Intrusion of Basaltic Dikes in Volcanic Rocks

The basaltic and trachytic dikes on Porto Santo Island are thought to have intruded into the volcanic rocks during a period of increased volcanic activity in the Middle Miocene. The dikes are typically narrow and vertical, and they can be traced for several kilometers along the island.

The intrusion of the dikes has had a significant impact on the volcanic rocks on Porto Santo Island. The dikes have baked the surrounding rocks and caused them to become harder and more resistant to erosion. The dikes have also altered the chemical composition of the surrounding rocks.

Dike is a sheet of rock that is formed in a fracture of a pre-existing rock body. Dikes can be either magmatic or sedimentary in origin. Magmatic dikes form when magma flows into a crack then solidifies as a sheet intrusion, either cutting across layers of rock or through a contiguous mass of rock. Clastic dikes are formed when sediment fills a pre-existing crack.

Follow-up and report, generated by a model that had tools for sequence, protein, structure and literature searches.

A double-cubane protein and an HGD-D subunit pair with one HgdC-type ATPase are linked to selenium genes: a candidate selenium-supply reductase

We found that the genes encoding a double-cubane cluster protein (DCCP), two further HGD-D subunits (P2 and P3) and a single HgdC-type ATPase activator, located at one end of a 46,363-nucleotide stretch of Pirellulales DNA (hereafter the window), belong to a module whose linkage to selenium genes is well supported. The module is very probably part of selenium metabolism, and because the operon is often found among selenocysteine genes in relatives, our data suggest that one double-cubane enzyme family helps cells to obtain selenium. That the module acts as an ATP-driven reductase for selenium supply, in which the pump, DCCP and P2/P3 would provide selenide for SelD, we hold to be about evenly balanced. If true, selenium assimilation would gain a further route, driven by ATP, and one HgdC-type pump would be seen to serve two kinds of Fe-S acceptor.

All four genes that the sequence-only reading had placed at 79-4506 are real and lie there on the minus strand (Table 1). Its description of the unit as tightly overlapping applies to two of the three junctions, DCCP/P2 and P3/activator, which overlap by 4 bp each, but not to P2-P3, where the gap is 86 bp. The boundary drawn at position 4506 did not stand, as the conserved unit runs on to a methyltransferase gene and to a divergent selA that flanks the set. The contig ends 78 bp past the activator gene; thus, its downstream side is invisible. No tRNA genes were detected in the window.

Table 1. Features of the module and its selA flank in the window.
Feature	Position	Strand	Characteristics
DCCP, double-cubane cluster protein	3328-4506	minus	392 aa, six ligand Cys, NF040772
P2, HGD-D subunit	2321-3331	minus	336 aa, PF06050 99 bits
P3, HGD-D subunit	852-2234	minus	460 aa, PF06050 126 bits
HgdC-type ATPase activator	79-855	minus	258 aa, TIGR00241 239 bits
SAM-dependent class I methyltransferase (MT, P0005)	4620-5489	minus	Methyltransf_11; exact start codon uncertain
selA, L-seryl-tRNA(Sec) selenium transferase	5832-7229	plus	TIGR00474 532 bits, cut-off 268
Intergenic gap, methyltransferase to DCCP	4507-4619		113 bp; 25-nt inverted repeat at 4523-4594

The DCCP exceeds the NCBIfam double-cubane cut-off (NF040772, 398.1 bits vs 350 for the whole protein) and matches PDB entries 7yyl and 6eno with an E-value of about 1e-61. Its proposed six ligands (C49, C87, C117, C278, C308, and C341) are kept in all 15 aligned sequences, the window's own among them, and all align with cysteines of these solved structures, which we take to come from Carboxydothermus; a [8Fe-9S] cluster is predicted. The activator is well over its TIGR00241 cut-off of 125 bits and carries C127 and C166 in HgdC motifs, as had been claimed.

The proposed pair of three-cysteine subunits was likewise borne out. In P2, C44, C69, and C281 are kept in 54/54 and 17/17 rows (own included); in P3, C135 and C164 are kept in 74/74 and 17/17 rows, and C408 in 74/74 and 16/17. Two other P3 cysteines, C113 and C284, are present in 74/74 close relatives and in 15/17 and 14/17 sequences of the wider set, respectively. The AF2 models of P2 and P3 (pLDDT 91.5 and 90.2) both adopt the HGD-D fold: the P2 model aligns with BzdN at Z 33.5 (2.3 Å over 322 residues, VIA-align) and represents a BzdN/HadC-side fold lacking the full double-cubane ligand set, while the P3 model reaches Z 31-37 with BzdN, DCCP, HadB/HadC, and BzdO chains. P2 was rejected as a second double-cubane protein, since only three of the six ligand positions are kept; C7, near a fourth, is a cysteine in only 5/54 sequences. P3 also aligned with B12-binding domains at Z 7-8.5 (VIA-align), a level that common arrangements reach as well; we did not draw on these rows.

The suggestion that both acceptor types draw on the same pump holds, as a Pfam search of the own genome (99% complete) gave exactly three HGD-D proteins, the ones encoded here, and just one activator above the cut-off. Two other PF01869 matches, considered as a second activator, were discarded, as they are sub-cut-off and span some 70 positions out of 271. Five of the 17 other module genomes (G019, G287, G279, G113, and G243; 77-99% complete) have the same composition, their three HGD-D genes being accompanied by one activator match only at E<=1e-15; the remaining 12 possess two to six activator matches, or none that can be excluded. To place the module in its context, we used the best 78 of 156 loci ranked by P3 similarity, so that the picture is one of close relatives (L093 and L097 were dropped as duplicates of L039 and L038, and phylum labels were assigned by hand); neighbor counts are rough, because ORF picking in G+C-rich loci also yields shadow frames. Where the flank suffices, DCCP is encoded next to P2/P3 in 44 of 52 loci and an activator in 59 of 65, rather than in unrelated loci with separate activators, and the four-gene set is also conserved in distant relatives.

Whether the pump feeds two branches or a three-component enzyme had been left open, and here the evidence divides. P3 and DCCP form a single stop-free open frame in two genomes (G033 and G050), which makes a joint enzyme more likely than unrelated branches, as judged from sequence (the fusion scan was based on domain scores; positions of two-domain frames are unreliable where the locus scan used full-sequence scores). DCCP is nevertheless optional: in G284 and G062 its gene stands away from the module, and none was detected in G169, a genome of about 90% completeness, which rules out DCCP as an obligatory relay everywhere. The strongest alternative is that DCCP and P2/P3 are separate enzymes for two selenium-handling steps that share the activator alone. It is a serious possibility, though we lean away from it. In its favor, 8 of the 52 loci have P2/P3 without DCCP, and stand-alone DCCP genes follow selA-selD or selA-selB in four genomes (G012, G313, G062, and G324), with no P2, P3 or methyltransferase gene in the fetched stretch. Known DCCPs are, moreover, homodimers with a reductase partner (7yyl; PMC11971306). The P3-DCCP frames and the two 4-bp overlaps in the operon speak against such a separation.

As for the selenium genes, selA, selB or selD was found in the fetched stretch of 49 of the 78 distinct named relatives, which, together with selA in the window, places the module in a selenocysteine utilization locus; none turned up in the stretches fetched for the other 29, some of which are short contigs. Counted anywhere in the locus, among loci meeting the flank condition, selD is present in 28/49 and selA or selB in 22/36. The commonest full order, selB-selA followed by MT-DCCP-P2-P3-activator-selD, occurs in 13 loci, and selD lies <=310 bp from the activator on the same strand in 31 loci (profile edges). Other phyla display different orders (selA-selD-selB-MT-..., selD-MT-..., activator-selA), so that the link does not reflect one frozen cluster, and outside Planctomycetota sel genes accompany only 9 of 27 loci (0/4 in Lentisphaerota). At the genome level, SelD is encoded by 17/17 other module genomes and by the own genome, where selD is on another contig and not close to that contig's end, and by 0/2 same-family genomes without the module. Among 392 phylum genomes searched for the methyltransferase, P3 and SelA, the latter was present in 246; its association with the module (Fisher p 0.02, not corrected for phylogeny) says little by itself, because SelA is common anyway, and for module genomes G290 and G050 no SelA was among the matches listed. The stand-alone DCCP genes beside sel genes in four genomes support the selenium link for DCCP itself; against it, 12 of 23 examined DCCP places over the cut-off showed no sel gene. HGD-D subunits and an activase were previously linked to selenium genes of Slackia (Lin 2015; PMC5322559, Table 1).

Intrusion of Basaltic Dykes in Volcanic Rocks
Intrusion of Basaltic Dikes in Volcanic Rocks.
Photo: Prof.  Mário Cachão.

Intrusão de diques basálticos e traquíticos em rochas vulcânicas do Miocénico Médio (ilha de Porto Santo, Portugal).
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